I was recently sorting out a pile of my old books and stumbled across ‘Prey.’ I have piles and piles of books hidden around my room, in the wardrobe and under the bed and I often forget about them! So here’s a blast from the past and a review of ‘Prey’ by Michael Crichton
This is a gripping science fiction novel that would get any science fiction fan excited. In the Nevada desert, a science experiment has gone terribly wrong. A cloud of nano-particles—micro-robots—has escaped from the laboratory. This cloud is self-sustaining and self-reproducing. It is intelligent and learns from experience. For all practical purposes, it is alive and it has been programmed as a predator. It is evolving swiftly, becoming more deadly with each passing hour and every attempt to destroy it has failed. There is one problem: we are the prey. Jack Forman is the main protagonist of the story, an up tight, tense, former programmer that is trying to get used to life as a house-husband; looking after his children, doing the housework and tip-toeing around his increasingly stressed and distant wife. However it is not long until Jack is called to the lab in the desert where Julia works to try to program and control the demonic swarm of tiny robots.
The opening pages are exciting and tense. Julia, Jack’s wife is becoming distant and less human by the second. Not only is Julia becoming more tense, and stressed but her behaviour is becoming erratic. The atmosphere that Crichton creates is mysterious and tense, and as a reader we are drawn into the narrative. However as soon as Jack enters to desert the novel starts to gallop with inordinate pace, and although this is exciting, personally, as a I reader preferred the pressured atmosphere of the first chapters.The fight between humans and technology is the main plot line of the story. The workers at the plant, a bunch of contrasting characters, each with different personalities and behaviours must fight against the deadly swarm in the isolated conditions. This is against the clock as the swarm is evolving and getting stronger at every page turn; evolving into the optimum killing machine.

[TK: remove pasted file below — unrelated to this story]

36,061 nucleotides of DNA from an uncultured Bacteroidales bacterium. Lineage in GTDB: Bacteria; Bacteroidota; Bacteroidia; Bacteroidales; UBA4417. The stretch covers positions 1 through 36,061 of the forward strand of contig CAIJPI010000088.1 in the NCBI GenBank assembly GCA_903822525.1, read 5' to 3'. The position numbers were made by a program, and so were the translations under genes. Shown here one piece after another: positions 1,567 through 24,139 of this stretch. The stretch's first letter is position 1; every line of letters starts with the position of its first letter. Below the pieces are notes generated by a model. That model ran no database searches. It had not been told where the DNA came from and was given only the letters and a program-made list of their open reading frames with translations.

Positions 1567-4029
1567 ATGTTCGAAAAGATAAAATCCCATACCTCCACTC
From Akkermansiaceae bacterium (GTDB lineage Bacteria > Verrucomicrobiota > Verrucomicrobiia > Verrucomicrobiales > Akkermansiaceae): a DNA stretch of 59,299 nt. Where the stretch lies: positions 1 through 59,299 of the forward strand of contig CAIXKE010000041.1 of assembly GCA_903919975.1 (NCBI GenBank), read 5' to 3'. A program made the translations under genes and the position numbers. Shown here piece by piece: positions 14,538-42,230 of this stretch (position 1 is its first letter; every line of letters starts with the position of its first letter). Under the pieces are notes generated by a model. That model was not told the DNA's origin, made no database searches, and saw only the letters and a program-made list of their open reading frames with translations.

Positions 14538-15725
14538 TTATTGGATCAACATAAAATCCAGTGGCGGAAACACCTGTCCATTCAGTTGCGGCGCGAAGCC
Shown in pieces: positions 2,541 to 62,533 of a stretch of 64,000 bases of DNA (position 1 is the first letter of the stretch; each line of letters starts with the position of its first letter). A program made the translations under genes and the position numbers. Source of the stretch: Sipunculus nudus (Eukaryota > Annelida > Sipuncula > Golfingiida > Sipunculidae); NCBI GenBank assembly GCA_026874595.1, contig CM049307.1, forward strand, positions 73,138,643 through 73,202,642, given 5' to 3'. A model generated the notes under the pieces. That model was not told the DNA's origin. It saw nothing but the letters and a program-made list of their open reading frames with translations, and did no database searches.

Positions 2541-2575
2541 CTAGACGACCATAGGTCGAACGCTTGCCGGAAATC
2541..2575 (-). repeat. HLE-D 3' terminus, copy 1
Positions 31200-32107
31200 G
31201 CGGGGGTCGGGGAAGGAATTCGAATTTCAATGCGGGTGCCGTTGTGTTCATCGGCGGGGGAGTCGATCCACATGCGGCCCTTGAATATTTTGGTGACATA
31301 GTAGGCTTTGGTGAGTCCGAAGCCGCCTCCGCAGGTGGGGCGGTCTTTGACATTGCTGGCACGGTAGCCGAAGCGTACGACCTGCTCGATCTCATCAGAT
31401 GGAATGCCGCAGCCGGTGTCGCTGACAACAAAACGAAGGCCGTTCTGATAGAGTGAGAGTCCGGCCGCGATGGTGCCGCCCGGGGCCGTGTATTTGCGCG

This book is a clever and exciting with a great pace. At times the science fiction jargon of the novel was complicated and complex and created an intricate and knotty plot line that was at times difficult to follow. I think at times Crichton over complicated the use of language and for me as a reader made the plot difficult to follow at points. I liked the contrasting characters in the group fighting the deadly swarm however a seemingly incompatible relationship that sprang up from no-where did seem a little inconceivable and therefore a little fake. However the story is strong and the plot is deep in meaning and understanding that means we as a reader are transported to the desert. The writing is technical and advanced and although this can sometimes be a little difficult, it shows the depth that Crichton has gone too to give a fictional authenticity of the story. This also means that although as a real concept it is inconceivable, we can’t help but wonder if it could potentially happen! Although the language is sometimes difficult and full of names, number and formulas, as a reader I really enjoyed the plot and found myself carried away by the action and drama. If you are a science fiction or action fan this is definitely a book you need to get on your wish list, however I would still recommend this to any reader as the plot and characters are intense and brilliantly executed.